Ariane futsal sports complex
The project is located at the tip of Nice, to the north. We won the competition by proposing to top off the futsal programme with a multi-sport pitch on the roof. We wanted to create a transversal link between the city and the river. This little concrete temple of sport places the young players into a dialogue with their land and sky.
This edifice conveys both the notion of embedding in the ground and of rising in the landscape. We worked on a sectional basis and created a sunken part of the structure, buried as low as possible, alongside the river. This facility is entered via the mezzanine, at street level, on its Western side, with the whole hall discovered below. The river's meanders can be seen from the pitch. The sports ground receives natural light from the street side, river side and zenithally through a glass roof to the north. The edifice springs from the ground, and from the alluvial deposits of the river. The rough concrete, which slips from the outside in, is the single material that extends throughout the project, including the bleachers and benches. Silent outside and hidden inside, it creates the tectonics of this facility built in a reputedly difficult neighbourhood. A concrete peristyle on the roof defines and covers the outdoor space, in dialogue with the surrounding hills.
Once we've followed the banks of the river and passed the incineration plant, we arrive at l'Ariane. This neighbourhood, result of 1960s town planning, is currently undergoing a process of urban renewal. Yet there are still streets and squares here crying out to be revived. On the other side of the river, an express road, the railway and an industrial zone make up the gymnasium's neighbouring landscape.
The competition programme was allowing for the futsal to be transformed into a large sports hall in the course of the studies. We worked with this ambiguity by proposing to create a multi-sport pitch on the roof, thus avoiding any calls to modify the programme and set-up.
The project is semi-buried, with an east-west orientation. The ancillary programmes (small associative offices created in lacquered wood) or service spaces (changing rooms, toilets, ventilation facility) fit in with the structural and spatial logic of this "raumplan".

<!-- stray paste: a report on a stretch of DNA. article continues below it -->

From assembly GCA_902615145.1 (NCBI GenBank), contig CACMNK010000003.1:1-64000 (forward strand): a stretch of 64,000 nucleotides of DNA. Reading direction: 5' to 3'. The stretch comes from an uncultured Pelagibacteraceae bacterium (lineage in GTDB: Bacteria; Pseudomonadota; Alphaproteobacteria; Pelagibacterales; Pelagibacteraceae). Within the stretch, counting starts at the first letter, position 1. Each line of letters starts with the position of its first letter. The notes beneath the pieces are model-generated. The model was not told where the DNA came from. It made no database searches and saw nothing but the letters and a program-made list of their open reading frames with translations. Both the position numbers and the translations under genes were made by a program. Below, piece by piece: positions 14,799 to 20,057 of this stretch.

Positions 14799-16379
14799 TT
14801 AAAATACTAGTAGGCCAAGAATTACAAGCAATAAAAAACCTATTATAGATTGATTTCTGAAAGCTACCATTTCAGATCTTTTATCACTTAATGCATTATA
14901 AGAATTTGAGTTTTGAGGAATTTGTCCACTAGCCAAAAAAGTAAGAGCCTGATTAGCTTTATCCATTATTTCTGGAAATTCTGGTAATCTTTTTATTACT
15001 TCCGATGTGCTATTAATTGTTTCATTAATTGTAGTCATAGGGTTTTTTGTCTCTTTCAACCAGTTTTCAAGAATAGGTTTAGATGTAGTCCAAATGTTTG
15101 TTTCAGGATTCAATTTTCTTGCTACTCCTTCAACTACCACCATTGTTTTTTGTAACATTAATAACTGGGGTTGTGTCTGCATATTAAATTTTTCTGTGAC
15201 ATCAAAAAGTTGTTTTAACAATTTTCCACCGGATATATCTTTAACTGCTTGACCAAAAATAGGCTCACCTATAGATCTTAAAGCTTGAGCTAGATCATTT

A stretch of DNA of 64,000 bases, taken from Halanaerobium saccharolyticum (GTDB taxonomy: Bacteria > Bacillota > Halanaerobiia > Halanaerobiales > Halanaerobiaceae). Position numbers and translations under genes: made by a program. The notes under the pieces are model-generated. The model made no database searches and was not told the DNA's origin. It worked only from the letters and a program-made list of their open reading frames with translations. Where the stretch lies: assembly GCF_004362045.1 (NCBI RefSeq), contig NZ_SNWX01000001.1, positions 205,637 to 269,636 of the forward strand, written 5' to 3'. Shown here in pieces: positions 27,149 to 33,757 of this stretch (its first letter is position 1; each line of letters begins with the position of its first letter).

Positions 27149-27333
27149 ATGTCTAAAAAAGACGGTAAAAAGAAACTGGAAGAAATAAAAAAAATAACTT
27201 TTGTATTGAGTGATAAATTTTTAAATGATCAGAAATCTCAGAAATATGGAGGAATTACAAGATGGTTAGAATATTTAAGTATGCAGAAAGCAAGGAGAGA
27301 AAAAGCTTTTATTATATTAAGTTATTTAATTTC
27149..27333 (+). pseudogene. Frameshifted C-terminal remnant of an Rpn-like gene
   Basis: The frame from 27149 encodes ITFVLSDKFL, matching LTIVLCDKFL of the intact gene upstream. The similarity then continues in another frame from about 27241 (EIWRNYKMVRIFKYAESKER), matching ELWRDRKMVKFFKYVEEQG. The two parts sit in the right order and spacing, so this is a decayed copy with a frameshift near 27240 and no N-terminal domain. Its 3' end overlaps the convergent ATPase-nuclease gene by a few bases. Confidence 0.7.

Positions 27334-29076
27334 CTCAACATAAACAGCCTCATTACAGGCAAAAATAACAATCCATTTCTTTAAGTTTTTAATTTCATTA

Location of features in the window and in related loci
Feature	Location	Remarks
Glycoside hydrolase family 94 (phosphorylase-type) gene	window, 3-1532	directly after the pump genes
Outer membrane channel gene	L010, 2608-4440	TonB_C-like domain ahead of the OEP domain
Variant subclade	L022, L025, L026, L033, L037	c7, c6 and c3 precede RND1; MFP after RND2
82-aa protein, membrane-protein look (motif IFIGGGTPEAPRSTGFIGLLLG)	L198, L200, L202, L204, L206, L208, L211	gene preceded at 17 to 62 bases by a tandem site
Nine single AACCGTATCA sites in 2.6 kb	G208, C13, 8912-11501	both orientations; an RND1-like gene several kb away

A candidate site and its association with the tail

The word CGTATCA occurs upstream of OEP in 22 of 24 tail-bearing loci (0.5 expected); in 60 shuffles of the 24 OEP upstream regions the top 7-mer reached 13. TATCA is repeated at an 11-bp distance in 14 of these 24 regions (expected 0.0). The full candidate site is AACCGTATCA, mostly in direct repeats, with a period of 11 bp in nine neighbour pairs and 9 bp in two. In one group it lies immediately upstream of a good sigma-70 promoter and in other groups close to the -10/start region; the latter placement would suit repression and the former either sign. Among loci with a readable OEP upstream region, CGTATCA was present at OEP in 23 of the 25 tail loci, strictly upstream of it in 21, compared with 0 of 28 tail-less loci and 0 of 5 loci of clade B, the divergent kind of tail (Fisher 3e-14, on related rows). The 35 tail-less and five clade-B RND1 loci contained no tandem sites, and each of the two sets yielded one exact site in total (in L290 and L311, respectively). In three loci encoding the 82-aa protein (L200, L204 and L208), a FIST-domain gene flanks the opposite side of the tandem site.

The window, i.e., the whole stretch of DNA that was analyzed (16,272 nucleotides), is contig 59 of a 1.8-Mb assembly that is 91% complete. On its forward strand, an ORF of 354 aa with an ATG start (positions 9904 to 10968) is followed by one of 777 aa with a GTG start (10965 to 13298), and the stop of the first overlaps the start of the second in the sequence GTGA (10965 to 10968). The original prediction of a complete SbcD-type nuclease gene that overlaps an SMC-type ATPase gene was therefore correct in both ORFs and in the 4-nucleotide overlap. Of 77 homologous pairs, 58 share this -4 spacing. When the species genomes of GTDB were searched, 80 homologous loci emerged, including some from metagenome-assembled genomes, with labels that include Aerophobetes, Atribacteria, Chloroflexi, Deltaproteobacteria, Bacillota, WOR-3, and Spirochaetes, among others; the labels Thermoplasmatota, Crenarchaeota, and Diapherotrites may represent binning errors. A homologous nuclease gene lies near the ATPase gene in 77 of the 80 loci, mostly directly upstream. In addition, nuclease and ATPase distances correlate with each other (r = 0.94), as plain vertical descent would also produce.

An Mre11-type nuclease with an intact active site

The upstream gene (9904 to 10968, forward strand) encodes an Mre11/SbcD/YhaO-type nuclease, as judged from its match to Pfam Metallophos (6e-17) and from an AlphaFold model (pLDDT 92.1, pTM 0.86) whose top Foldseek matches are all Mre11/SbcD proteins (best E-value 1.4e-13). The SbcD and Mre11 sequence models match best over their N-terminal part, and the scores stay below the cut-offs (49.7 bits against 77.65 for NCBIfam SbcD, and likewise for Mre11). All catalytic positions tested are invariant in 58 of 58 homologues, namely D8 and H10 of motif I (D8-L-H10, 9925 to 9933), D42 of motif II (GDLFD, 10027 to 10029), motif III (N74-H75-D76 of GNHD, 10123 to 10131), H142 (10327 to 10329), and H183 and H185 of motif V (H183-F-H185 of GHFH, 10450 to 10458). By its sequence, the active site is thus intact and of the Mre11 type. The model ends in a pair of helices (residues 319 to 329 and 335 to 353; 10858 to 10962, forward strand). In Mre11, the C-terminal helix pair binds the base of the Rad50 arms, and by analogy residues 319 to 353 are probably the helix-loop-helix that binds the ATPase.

The forecourt is protected by the overhang of the large sportsground forming the roof. The public space of the forecourt naturally extends towards the gymnasium and bleachers. The sportshall below opens onto the natural space of the river.
On the roof, a concrete peristyle defines the outdoor pitch, in conversation with the surrounding hills.
The concrete, which comes from the nearby plant, has been cast on-site to embrace the strong summer sun and low winter rays. Smooth outside and hatched inside, it forms the required dramaturgy for this facility now standing in the neighbourhood. The prestressed beams are set close together on free-standing supports.
Born of the soil and the silt carried down from the mountain, this substance is derived from the grit of the Paillon, its genetic fingerprint inseparable from the riverbed. Strong and thick, with its insulating double concrete walls, both mass and skeleton, it whispers its oxymoron: I am rough and gentle at the same time.
To avoid backlighting for spectators, a canopy casts the light scattered by the grid of posts onto a northern gallery. Through the glass façades, street and river side, that naturally ventilate the volume of the hall, we see the players participating in neighbourhood life, in the new intensity of this place that was just waiting for something.